As soon as Probert walked out of the store, three loss prevention officers approached her. Loss prevention officer Hector H. introduced himself, showed Probert his employee badge, and informed her that he “ ‘work[s] for Kohl’s loss prevention.’ ” He told Probert that he wanted to talk to her inside the loss prevention office in the store. Probert was “dismiss[ive]” of the loss prevention officers and tried to continue walking past them while they were talking to her. The loss prevention officers had arranged themselves in such a way as to create a “human barrier” in an attempt to prevent Probert from passing them, and requested that Probert give them the items that she had taken from the store. They did not threaten, raise their voices at, or make any physical contact with Probert.

Lopez-Vinck had pulled up in his car in front of the store, and jumped out of the car when the loss prevention officers confronted Probert. He was holding a pocketknife that had a three-inch blade exposed. Lopez-Vinck walked toward the loss prevention officers. He appeared “very aggressive” and yelled, ‘‘ ‘Back the fuck up.’ ” Lopez-Vinck was holding the knife with one hand. The knife blade was pointed in the general direction of the loss prevention officers. Lopez-Vinck moved toward the loss prevention officers. The loss prevention officers estimated that Lopez-Vinck came within about 6 to 15 feet of them. The loss prevention officers, who had been standing between Probert and Lopez-Vinck’s car, immediately moved out of Probert’s way in fear. Probert made her way directly to Lopez-Vinck’s car and said nothing. As Probert was walking to the car, the loss prevention officers asked her to “[a]t least give us our stuff back.” Probert continued to ignore the loss prevention officers, and got into the car while still in possession of the stolen items. Lopez-Vinck did not say anything to Probert as he held the knife and Probert walked past him.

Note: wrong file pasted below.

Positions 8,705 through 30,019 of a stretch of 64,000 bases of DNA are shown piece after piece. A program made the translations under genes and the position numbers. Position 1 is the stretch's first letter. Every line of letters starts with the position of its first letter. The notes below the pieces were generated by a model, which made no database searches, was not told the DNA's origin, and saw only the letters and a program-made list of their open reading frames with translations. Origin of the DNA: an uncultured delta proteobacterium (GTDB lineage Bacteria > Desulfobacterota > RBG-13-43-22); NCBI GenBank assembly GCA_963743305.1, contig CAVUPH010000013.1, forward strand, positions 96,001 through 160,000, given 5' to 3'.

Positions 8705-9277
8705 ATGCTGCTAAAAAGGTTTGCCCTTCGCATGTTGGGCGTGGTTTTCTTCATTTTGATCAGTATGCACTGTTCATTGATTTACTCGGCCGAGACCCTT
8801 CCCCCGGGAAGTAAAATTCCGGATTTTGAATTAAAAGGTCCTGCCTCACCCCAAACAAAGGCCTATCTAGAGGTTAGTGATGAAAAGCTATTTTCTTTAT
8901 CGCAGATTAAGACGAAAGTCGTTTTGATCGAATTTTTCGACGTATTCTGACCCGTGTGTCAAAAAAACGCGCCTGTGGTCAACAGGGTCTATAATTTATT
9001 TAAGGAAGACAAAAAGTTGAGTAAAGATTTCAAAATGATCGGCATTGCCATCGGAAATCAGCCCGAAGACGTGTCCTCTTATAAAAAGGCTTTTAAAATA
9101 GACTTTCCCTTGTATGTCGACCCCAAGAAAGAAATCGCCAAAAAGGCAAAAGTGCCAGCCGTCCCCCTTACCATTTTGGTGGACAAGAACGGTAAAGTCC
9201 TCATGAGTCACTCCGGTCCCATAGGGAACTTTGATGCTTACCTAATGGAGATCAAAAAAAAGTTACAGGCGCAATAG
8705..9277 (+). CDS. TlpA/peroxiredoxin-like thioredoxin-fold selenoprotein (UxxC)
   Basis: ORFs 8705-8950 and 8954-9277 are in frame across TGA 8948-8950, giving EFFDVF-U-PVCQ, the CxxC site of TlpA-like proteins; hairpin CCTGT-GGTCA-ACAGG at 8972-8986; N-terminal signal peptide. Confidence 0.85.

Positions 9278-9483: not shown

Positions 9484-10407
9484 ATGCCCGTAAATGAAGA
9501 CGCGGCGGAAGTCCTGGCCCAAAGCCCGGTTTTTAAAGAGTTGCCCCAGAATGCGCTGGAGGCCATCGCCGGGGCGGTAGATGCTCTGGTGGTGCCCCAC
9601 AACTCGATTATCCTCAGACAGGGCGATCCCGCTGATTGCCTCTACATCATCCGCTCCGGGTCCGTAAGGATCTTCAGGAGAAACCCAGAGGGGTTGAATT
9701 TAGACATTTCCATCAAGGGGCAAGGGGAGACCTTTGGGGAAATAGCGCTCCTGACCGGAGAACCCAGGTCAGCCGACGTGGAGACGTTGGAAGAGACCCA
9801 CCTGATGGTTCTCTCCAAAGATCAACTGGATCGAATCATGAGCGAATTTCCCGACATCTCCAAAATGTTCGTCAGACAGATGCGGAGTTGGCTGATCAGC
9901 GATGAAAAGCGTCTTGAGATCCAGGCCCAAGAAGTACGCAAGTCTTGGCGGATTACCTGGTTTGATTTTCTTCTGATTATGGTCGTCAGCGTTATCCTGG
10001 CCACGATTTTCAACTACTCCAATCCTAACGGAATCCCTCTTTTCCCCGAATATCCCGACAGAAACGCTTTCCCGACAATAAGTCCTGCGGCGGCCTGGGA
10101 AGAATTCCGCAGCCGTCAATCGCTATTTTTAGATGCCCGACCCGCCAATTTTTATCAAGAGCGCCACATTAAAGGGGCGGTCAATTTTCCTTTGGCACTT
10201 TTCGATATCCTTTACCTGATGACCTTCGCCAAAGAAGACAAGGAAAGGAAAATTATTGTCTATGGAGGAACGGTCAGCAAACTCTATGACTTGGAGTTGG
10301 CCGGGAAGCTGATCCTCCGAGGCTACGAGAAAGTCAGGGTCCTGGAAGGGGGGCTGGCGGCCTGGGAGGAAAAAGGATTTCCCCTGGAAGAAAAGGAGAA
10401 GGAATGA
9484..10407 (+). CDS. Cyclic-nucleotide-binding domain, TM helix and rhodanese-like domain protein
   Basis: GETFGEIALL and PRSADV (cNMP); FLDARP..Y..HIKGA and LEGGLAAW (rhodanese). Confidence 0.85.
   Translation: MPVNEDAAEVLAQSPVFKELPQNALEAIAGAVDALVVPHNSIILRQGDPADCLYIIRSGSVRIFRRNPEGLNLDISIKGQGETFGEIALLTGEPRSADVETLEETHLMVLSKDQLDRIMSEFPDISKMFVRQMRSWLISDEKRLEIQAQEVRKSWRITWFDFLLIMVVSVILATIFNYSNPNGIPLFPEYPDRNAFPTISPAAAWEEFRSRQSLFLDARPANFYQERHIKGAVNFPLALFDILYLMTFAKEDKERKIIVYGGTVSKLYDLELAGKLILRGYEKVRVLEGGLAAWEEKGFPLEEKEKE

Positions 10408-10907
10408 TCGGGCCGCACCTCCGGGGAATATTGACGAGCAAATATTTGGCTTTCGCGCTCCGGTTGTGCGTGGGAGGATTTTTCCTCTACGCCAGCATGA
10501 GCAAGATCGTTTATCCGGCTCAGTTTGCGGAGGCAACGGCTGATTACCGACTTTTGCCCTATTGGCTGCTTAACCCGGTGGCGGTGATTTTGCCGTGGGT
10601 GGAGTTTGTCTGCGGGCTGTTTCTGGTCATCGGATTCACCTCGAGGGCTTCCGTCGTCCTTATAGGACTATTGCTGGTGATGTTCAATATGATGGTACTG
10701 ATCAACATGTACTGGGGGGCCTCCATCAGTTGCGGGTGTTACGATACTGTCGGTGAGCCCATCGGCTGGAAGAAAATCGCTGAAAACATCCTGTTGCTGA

After Probert got into the car, Lopez-Vinck remained outside the car for another 30 seconds, “puff[ing] his chest” and yelling at the loss prevention officers, still holding the knife in his hand but backing up slightly. Hector said to Lopez-Vinck, “[I]t’s just merchandise . . . [s]he should just give it back. [¶] . . . [¶] . . . [I]t’s not that serious . . . it doesn’t have to be like that. If you could just cooperate.” Hector asked Lopez-Vinck, “Why make it a big deal?” Lopez-Vinck got back into his car and drove off with Probert and the stolen merchandise.

2. The defense case

Lopez-Vinck testified in his own defense. According to Lopez-Vinck, he had no idea that Probert had stolen anything from the store; rather, he said that he believed that the loss prevention officers, who were dressed in plainclothes, were trying to mug Probert as she exited the store.

Lopez-Vinck testified that, on the day these events took place, he and Probert had stopped at Kohl’s to buy a change of clothes for their young daughter, who had wet herself in her car seat. Probert went inside the store, and Lopez-Vinck stayed in the car with their daughter. After about 30 minutes, Lopez-Vinck pulled out of his parking spot and drove toward the front entrance to the store. Lopez-Vinck said that he had assumed that Probert would be coming out of the store at around that time. He waited for her in front of the store with the car running.

Lopez-Vinck testified that a few minutes after he drove to the front of the store, Probert walked out of the store and was immediately confronted by two individuals, one male and one female, who were dressed in black. The pair blocked Probert’s path. Lopez-Vinck said that he saw “the boy” reach for the Kohl’s bag that Probert was holding. A third individual “came out of nowhere” and blocked Lopez-Vinck’s view of Probert. Lopez-Vinck testified that he thought that Probert was being mugged. He grabbed his pocketknife from the compartment in the passenger side door and got out of the car. Lopez-Vinck approached the individuals who were standing between Probert and the vehicle and told them to “ ‘[b]ack the fuck up’ ” while he held the knife “up in the air.” The individuals backed away at that point.

As soon as the individuals scattered, Probert walked to the car and got in while Lopez-Vinck remained outside of the car for another 30 seconds, yelling at the individuals because they “were still coming toward [him].” Lopez-Vinck acknowledged that he did not call 911 during the incident.